The Federal Reserve: Monetary Policy
  1. The Federal Reserve: Introduction
  2. The Federal Reserve: What Is The Fed?
  3. The Federal Reserve: Duties
  4. The Federal Reserve: Monetary Policy
  5. The Federal Reserve: The FOMC Rate Meeting
  6. The Federal Reserve: Conclusion

The Federal Reserve: Monetary Policy

The term monetary policy refers to the actions that the Federal Reserve undertakes to influence the amount of money and credit in the U.S. economy. Changes to the amount of money and credit affect interest rates (the cost of credit) and the performance of the U.S. economy. To state this concept simply, if the cost of credit is reduced, more people and firms will borrow money and the economy will heat up.

The Toolbox
The Fed has three main tools at its disposal to influence monetary policy:

Open-Market Operations - The Fed constantly buys and sells U.S. government securities in the financial markets, which in turn influences the level of reserves in the banking system. These decisions also affect the volume and the price of credit (interest rates). The term open market means that the Fed doesn't independently decide which securities dealers it will do business with on a particular day. Rather, the choice emerges from an open market where the various primary securities dealers compete. Open market operations are the most frequently employed tool of monetary policy.

Setting the Discount Rate - This is the interest rate that banks pay on short-term loans from a Federal Reserve Bank. The discount rate is usually lower than the federal funds rate, although they are closely related. The discount rate is important because it is a visible announcement of change in the Fed's monetary policy and it gives the rest of the market insight into the Fed's plans.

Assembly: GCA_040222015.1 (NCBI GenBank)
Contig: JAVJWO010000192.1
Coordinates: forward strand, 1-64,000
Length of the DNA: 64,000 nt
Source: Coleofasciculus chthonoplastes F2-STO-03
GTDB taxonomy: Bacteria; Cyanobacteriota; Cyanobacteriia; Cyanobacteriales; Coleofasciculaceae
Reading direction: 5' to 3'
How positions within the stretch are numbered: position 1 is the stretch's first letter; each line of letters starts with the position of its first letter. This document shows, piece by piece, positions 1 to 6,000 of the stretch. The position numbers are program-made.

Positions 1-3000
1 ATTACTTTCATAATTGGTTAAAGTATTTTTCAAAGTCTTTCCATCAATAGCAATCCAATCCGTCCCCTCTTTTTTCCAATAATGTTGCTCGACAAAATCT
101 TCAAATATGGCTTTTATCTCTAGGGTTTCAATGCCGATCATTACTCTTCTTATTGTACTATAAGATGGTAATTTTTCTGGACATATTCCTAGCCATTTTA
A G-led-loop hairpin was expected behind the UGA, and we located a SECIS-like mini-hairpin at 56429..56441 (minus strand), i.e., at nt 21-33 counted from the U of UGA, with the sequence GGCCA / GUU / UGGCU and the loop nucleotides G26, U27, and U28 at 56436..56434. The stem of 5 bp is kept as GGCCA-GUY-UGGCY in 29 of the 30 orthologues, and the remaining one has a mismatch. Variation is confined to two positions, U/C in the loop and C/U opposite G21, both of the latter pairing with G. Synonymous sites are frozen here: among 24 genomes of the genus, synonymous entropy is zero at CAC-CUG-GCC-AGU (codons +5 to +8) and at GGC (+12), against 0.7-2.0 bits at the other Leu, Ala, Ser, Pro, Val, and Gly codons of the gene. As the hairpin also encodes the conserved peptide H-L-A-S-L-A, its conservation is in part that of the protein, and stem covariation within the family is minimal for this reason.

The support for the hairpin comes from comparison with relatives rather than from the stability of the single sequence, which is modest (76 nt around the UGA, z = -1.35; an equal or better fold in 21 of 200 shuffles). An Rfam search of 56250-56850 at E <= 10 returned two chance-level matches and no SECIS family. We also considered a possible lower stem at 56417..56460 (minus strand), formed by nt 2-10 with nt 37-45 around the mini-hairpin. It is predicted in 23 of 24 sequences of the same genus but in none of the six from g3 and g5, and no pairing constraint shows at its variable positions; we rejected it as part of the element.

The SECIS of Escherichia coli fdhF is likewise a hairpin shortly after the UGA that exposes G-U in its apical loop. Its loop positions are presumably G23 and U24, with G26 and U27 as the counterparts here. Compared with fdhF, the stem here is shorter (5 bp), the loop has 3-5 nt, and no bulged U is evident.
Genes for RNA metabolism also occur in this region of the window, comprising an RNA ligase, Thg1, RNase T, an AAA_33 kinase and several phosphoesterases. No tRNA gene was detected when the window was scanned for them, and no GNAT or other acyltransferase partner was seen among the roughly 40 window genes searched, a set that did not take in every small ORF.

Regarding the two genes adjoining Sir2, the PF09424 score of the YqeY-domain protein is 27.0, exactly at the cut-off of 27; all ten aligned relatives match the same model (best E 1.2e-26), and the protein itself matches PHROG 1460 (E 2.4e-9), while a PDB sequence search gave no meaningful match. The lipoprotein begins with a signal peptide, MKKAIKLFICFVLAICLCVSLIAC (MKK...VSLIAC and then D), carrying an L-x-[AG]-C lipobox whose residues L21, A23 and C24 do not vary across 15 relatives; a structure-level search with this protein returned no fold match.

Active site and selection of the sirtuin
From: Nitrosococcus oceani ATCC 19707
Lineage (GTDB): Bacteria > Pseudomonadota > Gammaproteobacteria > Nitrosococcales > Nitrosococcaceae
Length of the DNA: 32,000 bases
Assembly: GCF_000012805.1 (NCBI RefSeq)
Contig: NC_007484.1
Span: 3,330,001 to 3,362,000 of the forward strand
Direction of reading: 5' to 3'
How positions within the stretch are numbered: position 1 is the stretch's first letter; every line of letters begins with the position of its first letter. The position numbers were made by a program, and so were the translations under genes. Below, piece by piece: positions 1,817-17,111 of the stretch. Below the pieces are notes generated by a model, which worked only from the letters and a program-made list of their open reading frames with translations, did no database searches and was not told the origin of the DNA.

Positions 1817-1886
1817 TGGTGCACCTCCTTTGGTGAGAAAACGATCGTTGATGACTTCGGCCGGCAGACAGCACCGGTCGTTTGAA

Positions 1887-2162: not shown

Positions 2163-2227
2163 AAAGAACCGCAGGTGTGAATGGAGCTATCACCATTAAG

Setting Reserve Requirements - This is the amount of physical funds that depository institutions are required to hold in reserve against deposits in bank accounts. It determines how much money banks can create through loans and investments. Set by the Board of Governors, the reserve requirement is usually around 10%. This means that although a bank might hold $10 billion in deposits for all of its customers, the bank lends most of this money out and, therefore, doesn't have that $10 billion on hand. Furthermore, it would be too costly to hold $10 billion in coin and bills within the bank. Excess reserves are, therefore, held either as vault cash or in accounts with the district Federal Reserve Bank Therefore, the reserve requirements ensure that depository institutions maintain a minimum amount of physical funds in their reserves.

The Federal Funds Rate
The use of open-market operations is the most important tool that used to manipulate monetary policy. The Fed's goal in trading the securities is to affect the federal funds rate - the rate at which banks borrow reserves from each other. The Federal Open Market Committee (FOMC) sets a target for this rate, but not the actual rate itself (because it is determined by the open market). This is what news reports are referring to when they talk about the Fed lowering or raising interest rates.

All banks are subject to reserve requirements, but they frequently fall below requirements in carrying out of day-to-day business. To meet requirements they have to borrow from each other's reserves. This creates a market in reserve funds, with banks borrowing and lending as needed at the federal funds rate. Therefore, the federal funds rate is important because by increasing or decreasing it, over time, the Fed can impact practically every other interest rate charged by U.S. banks.

Remember, the end goals of monetary policy are sustainable economic growth, full employment and stable prices. Through monetary policy, therefore, the Fed attempts to tweak the economy to the right levels.

The Federal Reserve: The FOMC Rate Meeting

  1. The Federal Reserve: Introduction
  2. The Federal Reserve: What Is The Fed?
  3. The Federal Reserve: Duties
  4. The Federal Reserve: Monetary Policy
  5. The Federal Reserve: The FOMC Rate Meeting
  6. The Federal Reserve: Conclusion
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